Culture

La Vuelta with Larry: Day by day

Larry Warbasse talks about trading snacks in the Vuelta peloton, sharing gossip, and getting a tow from a cabbie.

Twenty-one days is a pretty long time. Doing anything for 21 days can be tedious — even vacation! So as you can imagine, racing a bike for that amount of time leaves us with quite a bit of downtime. Not every day has the action/excitement/carnage of stage 2, thankfully, so we often have to find ways to pass time both in the race and out.

One of my favorite parts of the Vuelta is the start village or Puenta de Encuentro as it is called here at the race. While much less grandiose than the ones at the Tour, it is an area for the riders and VIPs to mingle, have a drink, eat some food, or in my case, have a coffee. Each day I roll in and find my compatriots, Tejay van Garderen (BMC) and Ian Boswell (Sky), and we have a few moments to chill and chat before the start. Tejay always finds a spot tucked away in some corner that makes him difficult for people to find … and difficult for me!

When you spend between four and six hours on your bike for so many days in a row, there is plenty of downtime in the peloton. We fill the time with conversation, stories, trading of nutrition, and gossip. It may sound funny, but eating the same energy bars for the entire season and three weeks straight can get pretty monotonous. So we end up having a little bit of a black-market barter system in the peloton … A MuleBar for a PowerBar, my gel for yours, rice cakes for gummies, and a melange of other swaps. We are particularly lucky with IAM, as we have a special type of gel called WinForce — a gel based on MCT fat, and it is unlike anything the other teams have, making it great currency for trades. Sometimes if I’m feeling generous, I just grab a few extra and just give them away without asking for anything in return … because you never know when you might be in need of a gel!

It seems that whenever a relatively small group of people spend enough time together, there will always be gossip. And it is no different in the professional peloton than in a group of tweens. But instead of talking about what boy is with what girl, the most common topic is who is going to what team for next year. As the Vuelta is near the end of the season, there is a ton of transfer news circulating in the peloton. I have heard a few rumors, and so far they have all turned out to be true. I can’t say the others that I’ve heard, but it is always an interesting time of year.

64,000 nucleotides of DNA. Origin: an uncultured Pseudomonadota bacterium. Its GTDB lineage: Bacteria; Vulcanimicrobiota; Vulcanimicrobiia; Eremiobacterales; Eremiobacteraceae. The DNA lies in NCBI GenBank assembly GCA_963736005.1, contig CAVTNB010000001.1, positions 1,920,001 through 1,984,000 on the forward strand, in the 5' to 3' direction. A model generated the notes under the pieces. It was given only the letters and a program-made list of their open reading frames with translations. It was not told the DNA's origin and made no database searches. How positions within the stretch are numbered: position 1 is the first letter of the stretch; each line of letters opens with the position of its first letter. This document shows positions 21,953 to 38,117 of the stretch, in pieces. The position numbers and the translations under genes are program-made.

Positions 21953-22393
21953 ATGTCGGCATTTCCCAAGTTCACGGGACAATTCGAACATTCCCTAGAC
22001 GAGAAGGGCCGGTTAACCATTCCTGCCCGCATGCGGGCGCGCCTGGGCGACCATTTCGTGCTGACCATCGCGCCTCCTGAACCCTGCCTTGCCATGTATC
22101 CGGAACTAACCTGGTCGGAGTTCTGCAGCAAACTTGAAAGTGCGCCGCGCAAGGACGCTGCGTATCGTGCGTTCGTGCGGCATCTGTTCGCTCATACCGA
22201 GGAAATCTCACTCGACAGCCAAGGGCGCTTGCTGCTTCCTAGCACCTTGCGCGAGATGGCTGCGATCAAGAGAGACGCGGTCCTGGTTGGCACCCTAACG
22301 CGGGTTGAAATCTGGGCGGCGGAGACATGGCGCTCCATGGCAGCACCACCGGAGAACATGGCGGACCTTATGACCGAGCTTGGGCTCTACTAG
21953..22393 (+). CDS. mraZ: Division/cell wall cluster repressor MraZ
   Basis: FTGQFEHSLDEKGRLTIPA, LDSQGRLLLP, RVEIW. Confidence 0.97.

Another popular subject of discussion was Vincenzo Nibali’s disqualification from the race. Things like that happen in many races, but usually they’re a bit less blatant (ex., the mechanic hangs out the window, pretends to adjust the saddle, while the director drives an obscenely fast speed to return to the peloton). Clearly ol’ Vincenzo did not expect the heli-cam to be locked on him like an eagle on its prey. While most riders get away with this sort of thing, I have to say I agree with the punishment.

I don’t always disagree with hanging onto a car though. At the end of stage 4, with the super-steep finishing climb to the town of Vejer de la Frontera, our IAM team, along with many others, descended to the bottom of the hill to our bus. Yet much to our dismay, after a small miscommunication, we learned that our bus — along with a few others — was actually parked at the top. At the end of the longest stage of this year’s Vuelta, we were a little bit pissed. We tried calling our directors, but they had no reception at the top. Riding back up the 20-percent grades was not an option. While trying to find a solution, I ended up losing my teammates, but there was a less-steep route back to the town. I decided to buck up and climb the hill. My legs were absolutely dead, so when I saw a taxi coming up behind, I blocked the road, and in the few words of Spanish I know, convinced him (forced him) to give me a tow. As I flew up the mountain hanging on to the side of this Spanish taxi driver’s car, all of the teams who did not lose their buses were driving in the opposite direction. It elicited more than a few laughs. I was just happy I didn’t have to pedal any longer.

As we enter the mountains in the next days, the stages will be much less monotonous, there will be many fewer conversations, but a lot more suffering. Unfortunately, I don’t think I can count on any more tows from the cabbies.